Like most streaming revenue situations, it’s complicated.
Yesterday, streaming platform Mixcloud outlined how much money it’s doling out from its “fan-to-creator” subscription service Mixcloud Select, and while it’s arguably the best way for DJs to make money from online mixes, it’s not quite at the scale of similar artist crowdfunding sites like Patreon – primarily because there’s a lot more people that need to get paid.
In a Medium post, Mixcloud breaks down the percentage split between the company, the creators making the shows and the rights holders for the music itself. The bulk of the earnings from fan subscription fees go to rights holders identified by audio fingerprinting – 65%. Another 30% is split between Mixcloud and the show’s creator, with 5% covering transaction fees.
As it explains, Mixcloud had to make direct deals with with Universal Music Group, Sony Music Entertainment, Warner Music Group, Merlin, Warner/Chappell Music Publishing and ICE among others to make this happen. The streaming service says these deals are “groundbreaking” because they identify the “long form audio creator” as a part of the royalties puzzle.
Of the 30% that goes to Mixcloud and the content creators, 60% is given to the talent running the channels and 40% is invested back into Mixcloud’s platform – administering licenses, maintaining the website and the apps, hosting the audio and paying rent. In real terms, this means that 18 cents of every dollar goes to the creators, or roughly 54 cents of each $2.99 monthly subscription fee.
Since launching last year, artists, labels and independent operations including John Digweed, Beats In Space, Dekmantel, Lefto, Worldwide FM and Soho Radio have all signed up to the service. In return for supporting the channel of their choice, fans are treated to exclusive content and offline listening as well as the warm feeling of supporting their favorite creators – “essentially the price of buying a monthly coffee”, as Mixcloud puts it.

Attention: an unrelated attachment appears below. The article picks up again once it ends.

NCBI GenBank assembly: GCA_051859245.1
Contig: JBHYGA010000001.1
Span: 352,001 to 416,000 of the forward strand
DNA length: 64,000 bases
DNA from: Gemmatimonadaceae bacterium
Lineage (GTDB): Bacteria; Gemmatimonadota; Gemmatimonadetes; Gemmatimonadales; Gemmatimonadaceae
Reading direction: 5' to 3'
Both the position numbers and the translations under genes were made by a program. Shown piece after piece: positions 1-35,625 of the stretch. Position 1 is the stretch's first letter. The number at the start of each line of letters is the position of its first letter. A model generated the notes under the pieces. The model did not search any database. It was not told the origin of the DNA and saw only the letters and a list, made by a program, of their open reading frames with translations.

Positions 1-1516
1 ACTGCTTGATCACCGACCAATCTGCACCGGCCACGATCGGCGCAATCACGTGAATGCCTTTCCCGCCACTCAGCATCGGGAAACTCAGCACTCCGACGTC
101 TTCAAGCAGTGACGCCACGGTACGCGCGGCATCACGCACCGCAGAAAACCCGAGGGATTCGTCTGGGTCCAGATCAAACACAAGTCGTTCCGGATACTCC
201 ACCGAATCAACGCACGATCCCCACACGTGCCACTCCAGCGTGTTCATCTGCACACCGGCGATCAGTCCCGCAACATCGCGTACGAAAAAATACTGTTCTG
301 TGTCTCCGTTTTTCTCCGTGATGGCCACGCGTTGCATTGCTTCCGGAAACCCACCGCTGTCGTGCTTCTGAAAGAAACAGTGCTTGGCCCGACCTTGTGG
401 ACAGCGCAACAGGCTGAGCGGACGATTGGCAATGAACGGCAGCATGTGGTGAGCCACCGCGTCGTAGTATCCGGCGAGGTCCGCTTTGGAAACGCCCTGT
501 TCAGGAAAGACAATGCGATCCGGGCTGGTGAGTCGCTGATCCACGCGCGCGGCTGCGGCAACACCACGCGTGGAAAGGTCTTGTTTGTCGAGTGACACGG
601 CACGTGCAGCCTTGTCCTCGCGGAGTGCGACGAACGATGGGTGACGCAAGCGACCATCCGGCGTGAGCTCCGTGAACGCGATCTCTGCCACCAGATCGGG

It’s not a huge sum, and if a creator can amass 1,000 fans willing to pay for a monthly subscription, they would make $540 a month – not an inconsiderable sum in what are trying financial times for musicians. However, Mixcloud Select’s model relies on fans being dedicated enough to pay a monthly fee for a single creator’s content among subscriptions for Spotify, Netflix and whatever else they may pay for, and it’s unclear from the artist profile pages how many people are signed up. A thousand fans might be attainable for John Digweed; it’s less feasible if you’re an unknown DJ who needs to pay the rent.
It’s difficult to compare what Mixcloud Select is doing with any other service, because it’s not doing what other platforms are. Rights clearance startup Dubset has made it possible for DJs to get their mixes onto streaming services thanks to a series of deals, but it’s the rights holders that get the money, not the DJs mixing the music.
The closest comparison is Patreon, where artists can make exclusive content available to people willing to pay on a tiered pricing basis. Its charges vary depending on what plan you’re on and the size of individual donations, but a creator should expect to keep 85 cents on a $1 ‘microdonation’, and $2.60 on a donation of $3. While the share is higher than Mixcloud’s, Patreon isn’t providing audio hosting or paying royalties to rights holders – a necessary expense if you’re a DJ that wants to make money legally from the music of other people.
Supplying Mixcloud Select with enough content to keep your audience interested is easy if you’re a main stage DJ or radio host. If you’re working a side job, it may become difficult to maintain that level of content. As with any platform that requires your labor to function, it’s probably wise to consider how much of it you’ll need to expend to make it worth your time – and how much your labor is worth in the first place.
Read next: How the technology behind Bitcoin could change the music industry – and help everyone get paid